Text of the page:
New Studies Shed Light on Breast Implants’ Risk for Causing Cancer
Last March, in the wake of an FDA update on breast implant-associated anaplastic large cell lymphoma (BIA-ALCL) — and the ensuing media firestorm — we dissected the facts and figures surrounding the disease to contextualize the actual risk breast implants may pose.
To recap, BIA-ALCL is not breast cancer. It’s an extremely rare type of non-Hodgkin’s lymphoma — a cancer of the cells of the immune system — that can affect those possessing both a genetic predisposition and textured breast implants. (Unlike smooth-shelled implants, textured ones have an irregular surface that acts like Velcro, which helps keep them from changing position.) While researchers don’t fully understand the link between implants and BIA-ALCL, “we believe the disease arises as a result of a long-term inflammatory reaction to probable bacterial contamination, particularly in the presence of textured implants, which present more interstices for bacterial adhesion,” explains Adam Kolker, an associate clinical professor of surgery at the Icahn School of Medicine in New York City. Simply put: the nooks and crannies comprising textured shells can be ripe for germ colonization.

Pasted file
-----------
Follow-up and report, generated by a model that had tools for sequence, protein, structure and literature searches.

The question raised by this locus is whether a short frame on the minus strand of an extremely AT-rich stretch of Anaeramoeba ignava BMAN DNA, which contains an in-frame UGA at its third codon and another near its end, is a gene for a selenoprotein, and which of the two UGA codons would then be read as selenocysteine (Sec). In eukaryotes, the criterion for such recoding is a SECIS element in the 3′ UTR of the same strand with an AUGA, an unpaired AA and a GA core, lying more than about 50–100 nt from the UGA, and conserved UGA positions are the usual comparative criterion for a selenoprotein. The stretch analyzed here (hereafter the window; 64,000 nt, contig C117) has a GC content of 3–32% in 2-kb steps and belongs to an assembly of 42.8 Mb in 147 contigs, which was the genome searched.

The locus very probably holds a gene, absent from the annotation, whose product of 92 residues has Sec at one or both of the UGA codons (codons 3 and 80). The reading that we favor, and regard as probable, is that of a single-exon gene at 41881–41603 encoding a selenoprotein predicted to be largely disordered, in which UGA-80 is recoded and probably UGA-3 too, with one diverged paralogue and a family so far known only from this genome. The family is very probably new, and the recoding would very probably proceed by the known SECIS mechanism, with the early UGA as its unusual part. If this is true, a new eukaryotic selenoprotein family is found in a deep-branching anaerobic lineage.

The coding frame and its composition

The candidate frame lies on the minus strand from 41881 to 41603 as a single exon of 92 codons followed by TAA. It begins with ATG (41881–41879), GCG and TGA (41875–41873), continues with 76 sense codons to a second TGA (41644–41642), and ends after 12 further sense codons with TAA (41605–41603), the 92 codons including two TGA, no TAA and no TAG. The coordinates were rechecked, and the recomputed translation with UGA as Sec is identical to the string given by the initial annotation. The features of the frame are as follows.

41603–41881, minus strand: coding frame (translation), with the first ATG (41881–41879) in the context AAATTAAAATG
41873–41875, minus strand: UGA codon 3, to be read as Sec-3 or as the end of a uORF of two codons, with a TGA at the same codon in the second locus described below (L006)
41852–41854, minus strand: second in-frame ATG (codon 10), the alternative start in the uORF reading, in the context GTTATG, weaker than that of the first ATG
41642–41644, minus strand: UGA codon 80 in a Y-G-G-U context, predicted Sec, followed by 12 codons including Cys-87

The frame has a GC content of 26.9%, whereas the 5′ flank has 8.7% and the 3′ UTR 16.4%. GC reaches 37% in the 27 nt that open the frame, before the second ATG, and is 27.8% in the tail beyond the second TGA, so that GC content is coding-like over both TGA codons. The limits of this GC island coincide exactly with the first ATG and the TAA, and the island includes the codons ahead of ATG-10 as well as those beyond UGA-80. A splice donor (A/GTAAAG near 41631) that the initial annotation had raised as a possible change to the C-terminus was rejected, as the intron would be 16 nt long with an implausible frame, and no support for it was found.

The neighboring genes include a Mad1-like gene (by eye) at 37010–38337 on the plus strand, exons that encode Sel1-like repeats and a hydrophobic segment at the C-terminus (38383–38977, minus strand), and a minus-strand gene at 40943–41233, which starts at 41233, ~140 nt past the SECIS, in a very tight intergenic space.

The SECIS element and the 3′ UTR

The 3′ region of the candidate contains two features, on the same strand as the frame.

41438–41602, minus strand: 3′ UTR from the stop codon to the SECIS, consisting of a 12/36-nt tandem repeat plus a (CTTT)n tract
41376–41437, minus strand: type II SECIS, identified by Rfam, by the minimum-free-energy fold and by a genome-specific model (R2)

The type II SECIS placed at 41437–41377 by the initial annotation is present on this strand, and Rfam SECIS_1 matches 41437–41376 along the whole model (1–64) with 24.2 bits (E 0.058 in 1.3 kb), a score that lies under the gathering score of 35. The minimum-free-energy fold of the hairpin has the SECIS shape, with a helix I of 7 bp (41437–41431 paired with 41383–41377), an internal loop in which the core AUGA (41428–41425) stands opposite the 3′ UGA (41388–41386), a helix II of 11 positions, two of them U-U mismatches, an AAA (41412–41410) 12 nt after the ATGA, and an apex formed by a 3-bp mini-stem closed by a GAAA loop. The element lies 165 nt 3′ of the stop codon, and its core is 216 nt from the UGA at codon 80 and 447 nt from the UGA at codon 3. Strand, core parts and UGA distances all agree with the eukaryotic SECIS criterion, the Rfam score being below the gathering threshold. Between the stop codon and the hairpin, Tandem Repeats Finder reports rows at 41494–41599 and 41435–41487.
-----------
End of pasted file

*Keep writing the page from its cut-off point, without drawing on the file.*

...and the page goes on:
While doctors and patients in the U.S. overwhelmingly prefer the natural feel of smooth implants — they’re used in 87 percent of surgeries — textured implants do offer distinct advantages for certain people. “The main reason many surgeons choose textured implants is because they are also shaped [rather than round],” says Lara Devgan, an attending plastic surgeon at Lenox Hill Hospital and Manhattan Eye, Ear & Throat Infirmary. With a teardrop appearance that mimics the silhouette of a natural breast, shaped implants only come with clingy textured shells, because “even a small degree of rotation can cause them to look askew,” she adds. They can be preferable in breast-reconstruction surgeries following mastectomies, as they give form where there is none, and they’re often used to “correct size and shape deformities,” says Kolker. They’re also beloved abroad, being used in 90 percent of augmentation cases in Europe and Australia.